In the immediate past this swing to the near-absurd in election promises has begun to be reversed with the slow realisation among voters as to how far they have been taken for a ride by their elected representatives. After years of happy delusion over practically unattainable, if not unsuitable, national goals, the citizenry now seems to be waking up. On the one side of the ethnic conflict, ethnic minority forces seem to have backed away from their own fantasies of exclusivism either in terms of ethnically exclusive nation-states or in terms of exclusive religious communities puritanically distanced from those fellow citizens perceived as 'infidel'. On the majority's side of the ethnic conflict, there seems to be an awakening from a fantasy of ethnic supremacy - the supreme hollowness of such constructions revealed by the destructive and embarrassingly un-intelligent antics of the very leaders who embodied supremacism.

Other political forces that were once trapped in social class politics seem to be re-assessing their long term vision and adjusting strategy towards more pragmatic politics that combine their constituency interests together with creative new programmes and vision within the parameters of the larger interests of the whole national society. Political parties that traditionally represented the social elite now look beyond to those larger national interests that address the needs and interests of the collective of social classes in what could be a grander vision of social democracy.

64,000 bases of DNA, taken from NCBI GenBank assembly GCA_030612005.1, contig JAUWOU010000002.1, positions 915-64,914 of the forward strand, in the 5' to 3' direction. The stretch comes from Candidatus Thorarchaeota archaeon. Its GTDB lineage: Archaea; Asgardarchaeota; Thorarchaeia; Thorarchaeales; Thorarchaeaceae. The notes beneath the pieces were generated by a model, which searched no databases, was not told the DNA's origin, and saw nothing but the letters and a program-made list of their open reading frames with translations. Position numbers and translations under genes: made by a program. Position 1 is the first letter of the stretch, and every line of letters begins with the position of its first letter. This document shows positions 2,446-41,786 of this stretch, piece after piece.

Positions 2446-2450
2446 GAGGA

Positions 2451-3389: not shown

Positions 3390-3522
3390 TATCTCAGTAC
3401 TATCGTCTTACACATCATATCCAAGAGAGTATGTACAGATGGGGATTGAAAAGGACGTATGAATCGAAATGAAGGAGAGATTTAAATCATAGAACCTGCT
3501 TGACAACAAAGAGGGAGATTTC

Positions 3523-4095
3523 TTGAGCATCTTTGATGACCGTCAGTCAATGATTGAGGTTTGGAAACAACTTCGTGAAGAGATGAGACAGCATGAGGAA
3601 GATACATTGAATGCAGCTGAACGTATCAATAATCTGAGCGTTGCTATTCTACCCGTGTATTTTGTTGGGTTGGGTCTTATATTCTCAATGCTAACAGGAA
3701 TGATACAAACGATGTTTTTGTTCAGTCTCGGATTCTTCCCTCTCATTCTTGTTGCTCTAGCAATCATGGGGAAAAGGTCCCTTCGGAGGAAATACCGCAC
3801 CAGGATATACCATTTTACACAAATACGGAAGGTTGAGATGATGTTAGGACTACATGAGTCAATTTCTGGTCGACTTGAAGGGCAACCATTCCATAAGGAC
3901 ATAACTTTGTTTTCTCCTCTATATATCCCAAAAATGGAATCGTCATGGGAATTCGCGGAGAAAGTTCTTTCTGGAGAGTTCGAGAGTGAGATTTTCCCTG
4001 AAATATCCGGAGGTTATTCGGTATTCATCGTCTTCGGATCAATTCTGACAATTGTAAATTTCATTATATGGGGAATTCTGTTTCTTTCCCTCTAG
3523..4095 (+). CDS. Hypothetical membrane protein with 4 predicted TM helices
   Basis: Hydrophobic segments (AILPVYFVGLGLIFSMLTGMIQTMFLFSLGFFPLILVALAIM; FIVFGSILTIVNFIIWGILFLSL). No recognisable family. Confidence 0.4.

In this decisive political year, the Sri Lankan voter may enjoy a better choice of political manifestos that may, hopefully, combine more civilised fantasies with the practicalities of social life and human endeavour that built our ancient island civilisation.


Violence: political and occult

Barely had we editorially mentioned the occult fetishes of some politicians than the country saw on videos widely circulated the physical violence that such cultic practices could engender. A prominent politician contesting the forthcoming parliamentary election seemingly almost bludgeoned a local party supporter possibly inebriated for his friendly handclasp that may have threatened to dislodge precious occult jewellery. Of course, such brutish personal behaviour is not limited to just a single candidate. In a country rent asunder by multiple violent conflicts over decades, it is but natural that the political society is infested with denizens reputed for their brutality.

The challenge to Sri Lankan civilisation is to address this tendency to brutish behaviour, tendencies that are expressed during elections and also in the election of representatives who practise it. The current general election process is remarkable for the low incidence of campaign violence. 2015 is a decisive year which provides Sri Lankans with the opportunity to end this cycle of brutish, occult and, consequently un-intelligent governance.